Kids, Video and … Nursing Homes?

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Young people, video cameras, and nursing homes for the win!

BY JACK YORK

Lots of us have upsetting memories of our first childhood experiences visiting nursing homes. For me it was the “convalescent hospital,” a nursing home in southern California where my grandmother lived and eventually died.

I have vivid, haunting memories of the weekly visits Mom would insist I join.  I loved my grandma; she was a bit eccentric but treated me like a young prince.  But the woman I knew as a child had little in common with this frail, virtually unconscious person.  She could barely communicate. Her white room was heartless and depressing.  The facility looked horrible and smelled worse. I’d walk in and count the minutes until the ordeal was over.  Those memories stay vivid in my mind to this day, and shaped my perspective of aging.

Fast-forward about 50 years to the experience of high school students walking out of interactions with a memory care community in a positive frame of mind.  It’s thanks to an idea conceived of by a remarkable woman, Denise Rabidoux, CEO of EHM Solutions.

“She is seeing firsthand the growth of dementia within her client base and wanted to find a way to shine a light on that reality in a positive way, and get younger people involved.”

EHM’s vision of senior living goes outside the box and beyond the bricks and mortar of the facility. Denise has always wanted to involve the community in projects with her residents.  Those projects (as is usually the case in senior living) have a tendency to gravitate towards the more independent residents.  She is seeing firsthand the growth of dementia within her client base. She wanted to find a way to shine a light on that reality in a positive way, and to get younger people involved.

Her answer was to create a project that enticed high school students by appealing to their interest in technology.  She believed that if students were offered a program with an interesting technology opportunity, their interests in aging and dementia would follow.

Denise invited iN2L to participate in her plan. Zack Mejias, our brilliant young videographer, helped lead the charge.  The concept was to teach high school students filming techniques with the goal being to tell the story of residents living with dementia, while filming local landmarks that would be relevant to them.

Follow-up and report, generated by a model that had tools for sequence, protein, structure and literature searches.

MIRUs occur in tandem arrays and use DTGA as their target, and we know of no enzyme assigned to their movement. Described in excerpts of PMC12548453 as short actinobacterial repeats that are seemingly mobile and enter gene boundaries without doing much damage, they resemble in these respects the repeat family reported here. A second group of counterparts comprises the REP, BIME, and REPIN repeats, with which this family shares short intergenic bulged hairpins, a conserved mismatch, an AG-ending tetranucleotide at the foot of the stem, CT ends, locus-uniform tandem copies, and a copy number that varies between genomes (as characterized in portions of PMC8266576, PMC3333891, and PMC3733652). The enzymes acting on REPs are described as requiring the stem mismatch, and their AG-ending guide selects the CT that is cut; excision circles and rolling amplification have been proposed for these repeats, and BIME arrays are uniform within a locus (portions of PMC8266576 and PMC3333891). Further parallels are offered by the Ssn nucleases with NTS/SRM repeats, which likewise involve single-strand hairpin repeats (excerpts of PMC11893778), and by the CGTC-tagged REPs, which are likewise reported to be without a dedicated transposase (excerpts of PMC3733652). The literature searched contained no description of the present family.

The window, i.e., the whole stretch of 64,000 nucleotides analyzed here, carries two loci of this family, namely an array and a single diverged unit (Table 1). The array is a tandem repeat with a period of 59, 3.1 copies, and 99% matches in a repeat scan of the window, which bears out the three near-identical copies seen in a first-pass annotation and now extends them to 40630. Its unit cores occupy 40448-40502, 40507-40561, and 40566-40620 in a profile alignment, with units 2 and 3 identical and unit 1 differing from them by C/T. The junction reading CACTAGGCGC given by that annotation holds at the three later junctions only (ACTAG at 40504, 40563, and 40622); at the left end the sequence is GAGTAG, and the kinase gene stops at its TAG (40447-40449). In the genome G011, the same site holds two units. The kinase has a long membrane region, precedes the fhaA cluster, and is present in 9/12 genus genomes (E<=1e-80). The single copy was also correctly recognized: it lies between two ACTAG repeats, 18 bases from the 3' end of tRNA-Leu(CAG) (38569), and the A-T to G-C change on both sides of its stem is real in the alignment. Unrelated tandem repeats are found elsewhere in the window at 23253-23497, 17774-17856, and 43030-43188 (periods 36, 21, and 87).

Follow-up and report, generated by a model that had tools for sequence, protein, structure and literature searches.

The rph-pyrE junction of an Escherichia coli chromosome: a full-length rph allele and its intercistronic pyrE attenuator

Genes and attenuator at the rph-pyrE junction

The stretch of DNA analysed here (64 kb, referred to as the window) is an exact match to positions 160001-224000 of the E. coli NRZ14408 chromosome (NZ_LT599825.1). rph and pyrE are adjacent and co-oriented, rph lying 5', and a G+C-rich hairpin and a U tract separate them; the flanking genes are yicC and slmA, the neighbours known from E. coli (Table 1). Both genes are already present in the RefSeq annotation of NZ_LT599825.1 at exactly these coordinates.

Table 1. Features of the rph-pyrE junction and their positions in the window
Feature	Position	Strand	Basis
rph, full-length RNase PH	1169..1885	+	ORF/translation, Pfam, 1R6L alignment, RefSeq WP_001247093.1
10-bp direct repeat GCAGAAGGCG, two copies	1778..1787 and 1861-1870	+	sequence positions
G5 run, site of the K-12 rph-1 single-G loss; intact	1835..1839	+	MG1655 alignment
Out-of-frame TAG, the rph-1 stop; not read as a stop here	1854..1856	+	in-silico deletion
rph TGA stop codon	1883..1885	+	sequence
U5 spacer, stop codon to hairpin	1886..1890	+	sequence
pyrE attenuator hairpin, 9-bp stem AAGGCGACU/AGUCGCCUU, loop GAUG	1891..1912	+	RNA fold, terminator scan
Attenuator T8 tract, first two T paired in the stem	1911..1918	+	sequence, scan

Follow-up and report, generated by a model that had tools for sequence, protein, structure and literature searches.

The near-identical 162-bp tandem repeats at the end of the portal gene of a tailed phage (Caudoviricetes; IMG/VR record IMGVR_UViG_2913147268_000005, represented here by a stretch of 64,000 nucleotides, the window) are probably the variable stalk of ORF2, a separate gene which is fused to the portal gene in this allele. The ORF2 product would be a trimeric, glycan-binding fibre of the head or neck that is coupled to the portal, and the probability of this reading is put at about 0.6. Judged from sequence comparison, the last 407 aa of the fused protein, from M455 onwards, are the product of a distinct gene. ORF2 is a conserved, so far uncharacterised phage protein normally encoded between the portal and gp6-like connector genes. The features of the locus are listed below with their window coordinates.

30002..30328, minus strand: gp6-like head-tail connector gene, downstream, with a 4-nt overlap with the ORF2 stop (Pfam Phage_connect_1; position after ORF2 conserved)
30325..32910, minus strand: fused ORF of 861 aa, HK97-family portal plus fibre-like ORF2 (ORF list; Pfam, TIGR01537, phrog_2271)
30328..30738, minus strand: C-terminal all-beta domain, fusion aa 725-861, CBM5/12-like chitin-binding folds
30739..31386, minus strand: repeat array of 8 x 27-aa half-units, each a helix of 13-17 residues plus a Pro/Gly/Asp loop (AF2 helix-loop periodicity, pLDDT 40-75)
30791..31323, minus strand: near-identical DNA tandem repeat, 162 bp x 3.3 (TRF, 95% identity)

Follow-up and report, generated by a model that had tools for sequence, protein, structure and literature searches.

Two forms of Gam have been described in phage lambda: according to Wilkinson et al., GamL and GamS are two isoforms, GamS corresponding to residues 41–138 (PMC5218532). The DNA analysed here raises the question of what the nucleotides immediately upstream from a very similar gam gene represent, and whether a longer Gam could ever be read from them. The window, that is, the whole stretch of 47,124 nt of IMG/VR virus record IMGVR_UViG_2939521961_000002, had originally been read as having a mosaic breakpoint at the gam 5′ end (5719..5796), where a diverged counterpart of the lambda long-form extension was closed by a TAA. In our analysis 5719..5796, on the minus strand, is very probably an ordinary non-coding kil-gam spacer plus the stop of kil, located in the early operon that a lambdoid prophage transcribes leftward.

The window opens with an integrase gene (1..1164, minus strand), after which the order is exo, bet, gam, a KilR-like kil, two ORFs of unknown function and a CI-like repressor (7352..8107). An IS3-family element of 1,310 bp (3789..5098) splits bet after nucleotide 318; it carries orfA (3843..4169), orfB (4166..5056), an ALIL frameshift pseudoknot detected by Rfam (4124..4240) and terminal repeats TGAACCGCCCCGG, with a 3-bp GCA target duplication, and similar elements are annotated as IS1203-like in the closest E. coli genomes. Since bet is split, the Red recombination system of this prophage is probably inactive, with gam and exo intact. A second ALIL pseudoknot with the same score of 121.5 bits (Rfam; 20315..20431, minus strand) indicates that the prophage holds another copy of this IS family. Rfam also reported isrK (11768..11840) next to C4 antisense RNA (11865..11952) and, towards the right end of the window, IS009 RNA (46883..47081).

Video clips here show how successful the project was for residents, their families, the staff, and the students.  The technology was delivered on our easy to use FOCUS tablets; we saw this as a quality of life enhancement and a great business opportunity for our company.

But the profound impact of this story can be summarized in the changing perspective of one student. Sabrina, poised, articulate, and strong-willed, began the project with an interest in learning more about technology, and maybe meeting some cool older adults.  But through her positive interactions with resident Arlene, Sabrina’s perceptions of aging and dementia, and even her career aspirations, changed markedly.

Initially we thought of this as a one-off for iN2L, a chance to help expand our work with one of our favorite customers.  But the ramifications of this are profound, and could help solve the problem of the caregiving shortages that plague senior living. Through technology hundreds if not thousands of high school students can be exposed to the positive side of aging.  That positive experience could easily lead to multitudes of these students looking for a meaningful career outside of what is traditionally offered to them.  What a win – win outcome.

“And Grandma, thank you for being you so many decades ago…”

Denise, thank you for your vision and for allowing us to come along for the ride.  Sabrina, thank you for your passion, and your openness to having your perspective of aging altered.  The greatest generation invented the backbone of this technology that we all now take for granted. It’s an honor and a privilege for iN2L to be a part of letting them enjoy the fruits of their labor.  And Grandma, thank you for being you so many decades ago.

People like Denise and Sabrina are paving the way for the visits to come see our grandmas being so much more meaningful and enjoyable that what many of us experienced years ago.

ABOUT THE AUTHOR – JACK YORK

NURSING HOMESJack York is president and founder of Its Never 2 Late, a highly successful technology company serving thousands of elder citizens and the communities who provide their care; Jack is also a man on a mission to help spread the words and deeds of real humanitarians that inspire, educate and motivate.

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